Bankruptcy Code—Section 546(e) Safe Harbor
A bankruptcy trustee has broad powers to avoid fraudulent transfers of a debtor’s property. But the Bankruptcy Code constrains those powers in several important ways, including through a safe harbor for certain transfers by, to, or for the benefit of financial institutions or certain financial market participants in connection with securities contracts. In applying that safe harbor—§ 546(e)—the federal courts of appeals had divided over whether a defendant who was not a covered financial institution or market participant could invoke the safe harbor when an intermediary in the alleged fraudulent transfer was a covered entity, as when the transfer passed though a securities brokerage or a bank on its way to the defendant.
Today, the Supreme Court unanimously answered that question with a firm “no” in Merit Management Group v. FTI Consulting. The Court reasoned that § 546(e) and the broader statutory context indicate that the safe harbor analysis looks exclusively to the transfer being challenged by the trustee. If the trustee is not seeking avoidance of intermediary transfers, then the identity of those intermediaries plays no role in the analysis. The safe harbor “applies to the overarching transfer that the trustee seeks to avoid, not any component part of that transfer.” The Court was careful, however, to explain that trustees do not have a free hand to define the transfers they want to avoid. Bankruptcy Code’s avoidance provisions carefully set out criteria defining the transfers eligible for avoidance. The Court also declined to address unargued but potentially significant questions regarding the definitions of “financial institution,” “settlement payment,” and “securities contract,” which could keep a wide variety of parties to securities-related transactions within the scope of § 546(e).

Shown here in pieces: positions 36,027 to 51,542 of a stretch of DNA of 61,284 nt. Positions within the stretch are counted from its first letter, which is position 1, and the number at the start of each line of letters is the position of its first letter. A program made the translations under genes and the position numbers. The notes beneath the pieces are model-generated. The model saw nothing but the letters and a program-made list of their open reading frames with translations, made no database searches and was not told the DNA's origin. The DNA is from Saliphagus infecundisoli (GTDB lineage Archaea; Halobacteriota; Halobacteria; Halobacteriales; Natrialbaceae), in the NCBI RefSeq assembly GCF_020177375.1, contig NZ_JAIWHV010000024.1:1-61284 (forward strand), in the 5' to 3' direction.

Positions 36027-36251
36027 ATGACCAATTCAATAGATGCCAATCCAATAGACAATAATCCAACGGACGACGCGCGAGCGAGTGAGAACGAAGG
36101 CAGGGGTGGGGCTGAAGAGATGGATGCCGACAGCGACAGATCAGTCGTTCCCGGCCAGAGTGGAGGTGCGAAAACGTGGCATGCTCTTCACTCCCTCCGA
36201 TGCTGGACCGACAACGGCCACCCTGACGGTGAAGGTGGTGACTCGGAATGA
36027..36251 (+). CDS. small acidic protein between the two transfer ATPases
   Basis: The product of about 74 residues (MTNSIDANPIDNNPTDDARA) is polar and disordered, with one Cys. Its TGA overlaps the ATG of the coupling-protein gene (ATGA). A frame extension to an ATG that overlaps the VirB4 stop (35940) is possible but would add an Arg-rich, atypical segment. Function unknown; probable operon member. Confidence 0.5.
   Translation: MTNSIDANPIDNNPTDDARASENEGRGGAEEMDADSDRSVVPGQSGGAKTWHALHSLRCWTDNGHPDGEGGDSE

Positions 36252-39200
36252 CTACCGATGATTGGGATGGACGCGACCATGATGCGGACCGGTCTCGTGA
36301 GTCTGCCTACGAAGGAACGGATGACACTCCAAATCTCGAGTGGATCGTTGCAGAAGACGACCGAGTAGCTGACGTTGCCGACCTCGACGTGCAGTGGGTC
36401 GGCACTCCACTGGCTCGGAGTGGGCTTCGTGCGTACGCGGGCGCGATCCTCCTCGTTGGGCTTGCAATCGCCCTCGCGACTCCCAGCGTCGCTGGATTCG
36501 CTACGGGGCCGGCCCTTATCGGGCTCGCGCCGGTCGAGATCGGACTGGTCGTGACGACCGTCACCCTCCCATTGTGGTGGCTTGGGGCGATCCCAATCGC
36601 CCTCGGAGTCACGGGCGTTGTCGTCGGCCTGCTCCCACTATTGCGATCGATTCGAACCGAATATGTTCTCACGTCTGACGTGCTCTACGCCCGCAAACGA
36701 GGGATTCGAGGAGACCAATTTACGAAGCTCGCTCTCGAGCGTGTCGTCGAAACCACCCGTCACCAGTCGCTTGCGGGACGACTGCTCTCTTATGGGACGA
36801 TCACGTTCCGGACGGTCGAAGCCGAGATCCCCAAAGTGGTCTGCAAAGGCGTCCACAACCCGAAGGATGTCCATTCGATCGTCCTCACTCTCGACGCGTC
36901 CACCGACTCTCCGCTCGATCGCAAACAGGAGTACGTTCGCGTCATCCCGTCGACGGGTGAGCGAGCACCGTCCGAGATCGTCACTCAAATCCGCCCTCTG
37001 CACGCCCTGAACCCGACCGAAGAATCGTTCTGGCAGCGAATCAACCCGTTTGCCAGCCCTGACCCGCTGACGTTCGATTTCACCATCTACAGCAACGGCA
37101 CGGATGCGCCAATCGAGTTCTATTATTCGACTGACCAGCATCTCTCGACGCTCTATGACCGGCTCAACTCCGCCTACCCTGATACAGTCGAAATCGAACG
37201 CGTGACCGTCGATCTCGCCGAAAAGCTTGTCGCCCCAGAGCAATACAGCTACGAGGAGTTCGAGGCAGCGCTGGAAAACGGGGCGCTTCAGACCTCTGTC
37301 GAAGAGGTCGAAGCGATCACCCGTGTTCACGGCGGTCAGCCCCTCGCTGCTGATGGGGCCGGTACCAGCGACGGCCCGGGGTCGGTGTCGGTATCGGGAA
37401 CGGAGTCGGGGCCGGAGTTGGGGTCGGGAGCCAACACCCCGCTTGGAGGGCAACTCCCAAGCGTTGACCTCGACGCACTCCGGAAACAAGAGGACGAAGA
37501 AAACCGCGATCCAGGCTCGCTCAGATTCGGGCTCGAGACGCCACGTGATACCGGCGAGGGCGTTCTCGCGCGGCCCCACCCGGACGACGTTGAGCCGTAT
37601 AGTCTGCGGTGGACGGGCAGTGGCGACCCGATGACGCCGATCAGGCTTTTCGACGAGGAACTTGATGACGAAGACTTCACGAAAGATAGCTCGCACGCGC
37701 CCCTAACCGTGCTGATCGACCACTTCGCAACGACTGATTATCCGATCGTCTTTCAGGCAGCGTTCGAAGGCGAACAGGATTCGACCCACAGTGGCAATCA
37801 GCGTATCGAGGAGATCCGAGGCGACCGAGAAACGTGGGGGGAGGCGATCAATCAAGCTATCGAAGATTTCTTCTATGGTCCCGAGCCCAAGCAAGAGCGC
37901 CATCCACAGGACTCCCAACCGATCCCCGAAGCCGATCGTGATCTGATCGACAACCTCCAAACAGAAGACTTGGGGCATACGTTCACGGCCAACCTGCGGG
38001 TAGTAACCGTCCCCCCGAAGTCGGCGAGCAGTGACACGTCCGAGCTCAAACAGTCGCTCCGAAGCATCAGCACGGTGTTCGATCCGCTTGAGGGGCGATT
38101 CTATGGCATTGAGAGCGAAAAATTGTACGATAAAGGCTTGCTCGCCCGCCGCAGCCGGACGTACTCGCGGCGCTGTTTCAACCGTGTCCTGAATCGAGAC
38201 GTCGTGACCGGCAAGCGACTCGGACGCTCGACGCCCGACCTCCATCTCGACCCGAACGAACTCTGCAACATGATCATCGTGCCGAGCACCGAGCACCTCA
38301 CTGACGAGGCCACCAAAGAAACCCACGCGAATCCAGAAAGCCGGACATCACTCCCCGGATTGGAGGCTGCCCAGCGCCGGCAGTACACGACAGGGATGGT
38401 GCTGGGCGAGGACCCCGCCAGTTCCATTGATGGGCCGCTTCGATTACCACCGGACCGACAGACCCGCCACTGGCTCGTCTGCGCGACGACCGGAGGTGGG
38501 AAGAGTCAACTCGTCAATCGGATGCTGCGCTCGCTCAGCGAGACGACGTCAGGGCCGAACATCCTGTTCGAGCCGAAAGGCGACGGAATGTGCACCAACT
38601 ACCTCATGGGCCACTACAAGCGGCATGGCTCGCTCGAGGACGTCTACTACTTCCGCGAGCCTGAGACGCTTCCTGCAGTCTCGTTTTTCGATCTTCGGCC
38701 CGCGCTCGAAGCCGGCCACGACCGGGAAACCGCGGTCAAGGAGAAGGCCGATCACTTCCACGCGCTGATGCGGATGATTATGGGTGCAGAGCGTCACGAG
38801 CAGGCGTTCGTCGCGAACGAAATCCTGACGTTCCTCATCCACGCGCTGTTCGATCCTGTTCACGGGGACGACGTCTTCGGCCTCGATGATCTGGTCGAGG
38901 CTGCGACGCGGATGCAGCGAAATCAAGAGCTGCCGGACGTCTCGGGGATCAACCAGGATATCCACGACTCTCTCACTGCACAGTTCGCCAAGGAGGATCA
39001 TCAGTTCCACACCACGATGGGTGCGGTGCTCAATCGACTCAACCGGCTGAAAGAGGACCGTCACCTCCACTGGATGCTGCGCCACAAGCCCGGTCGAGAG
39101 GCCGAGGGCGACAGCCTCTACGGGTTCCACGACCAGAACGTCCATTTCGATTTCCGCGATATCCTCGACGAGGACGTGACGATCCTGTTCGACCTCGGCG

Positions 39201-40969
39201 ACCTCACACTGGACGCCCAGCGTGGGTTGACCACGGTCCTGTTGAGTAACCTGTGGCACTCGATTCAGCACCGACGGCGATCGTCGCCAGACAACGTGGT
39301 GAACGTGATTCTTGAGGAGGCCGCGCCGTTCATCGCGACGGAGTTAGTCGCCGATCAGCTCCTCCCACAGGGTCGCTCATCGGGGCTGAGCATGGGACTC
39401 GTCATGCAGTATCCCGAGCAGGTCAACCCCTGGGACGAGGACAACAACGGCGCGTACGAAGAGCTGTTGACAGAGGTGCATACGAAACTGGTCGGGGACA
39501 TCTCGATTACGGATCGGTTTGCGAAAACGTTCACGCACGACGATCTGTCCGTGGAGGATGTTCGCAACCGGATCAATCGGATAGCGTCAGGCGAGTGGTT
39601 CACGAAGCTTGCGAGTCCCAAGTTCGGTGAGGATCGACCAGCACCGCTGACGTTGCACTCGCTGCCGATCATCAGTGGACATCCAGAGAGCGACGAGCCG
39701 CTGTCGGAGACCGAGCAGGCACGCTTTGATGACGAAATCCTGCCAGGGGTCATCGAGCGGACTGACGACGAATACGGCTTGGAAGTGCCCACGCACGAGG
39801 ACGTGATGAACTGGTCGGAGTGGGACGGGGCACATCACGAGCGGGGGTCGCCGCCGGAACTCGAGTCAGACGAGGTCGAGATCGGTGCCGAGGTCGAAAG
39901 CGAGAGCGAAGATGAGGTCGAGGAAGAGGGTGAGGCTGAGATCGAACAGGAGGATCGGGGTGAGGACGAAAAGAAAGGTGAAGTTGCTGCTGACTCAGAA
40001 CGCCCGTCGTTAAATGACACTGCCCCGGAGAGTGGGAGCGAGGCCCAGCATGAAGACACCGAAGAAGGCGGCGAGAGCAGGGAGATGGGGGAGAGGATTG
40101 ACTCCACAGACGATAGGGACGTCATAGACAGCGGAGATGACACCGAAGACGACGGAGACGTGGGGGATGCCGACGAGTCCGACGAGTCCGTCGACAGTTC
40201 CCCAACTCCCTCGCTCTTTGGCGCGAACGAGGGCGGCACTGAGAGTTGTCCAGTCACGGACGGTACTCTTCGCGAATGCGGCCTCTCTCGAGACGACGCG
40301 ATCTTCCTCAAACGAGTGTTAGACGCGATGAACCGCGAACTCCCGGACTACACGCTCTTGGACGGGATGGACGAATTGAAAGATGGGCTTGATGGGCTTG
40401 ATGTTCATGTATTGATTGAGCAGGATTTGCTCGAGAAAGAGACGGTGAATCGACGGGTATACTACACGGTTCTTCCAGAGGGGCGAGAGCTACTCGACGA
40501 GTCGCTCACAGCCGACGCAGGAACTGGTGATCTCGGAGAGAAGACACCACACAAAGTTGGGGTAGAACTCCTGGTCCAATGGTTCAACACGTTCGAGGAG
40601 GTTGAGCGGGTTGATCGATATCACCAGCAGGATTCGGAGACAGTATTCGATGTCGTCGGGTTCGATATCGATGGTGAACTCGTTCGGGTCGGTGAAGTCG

The Supreme Court’s Merit Management decision rejects the expansive reading of the § 546(e) safe harbor that has prevailed in most circuits for some time and saved many significant transfers from avoidance. While financial institutions and certain financial market participants will continue to enjoy protection, bankruptcy trustees seemingly will now have greater ability to unwind securities-related transactions years after the fact if a party to the transaction enters bankruptcy.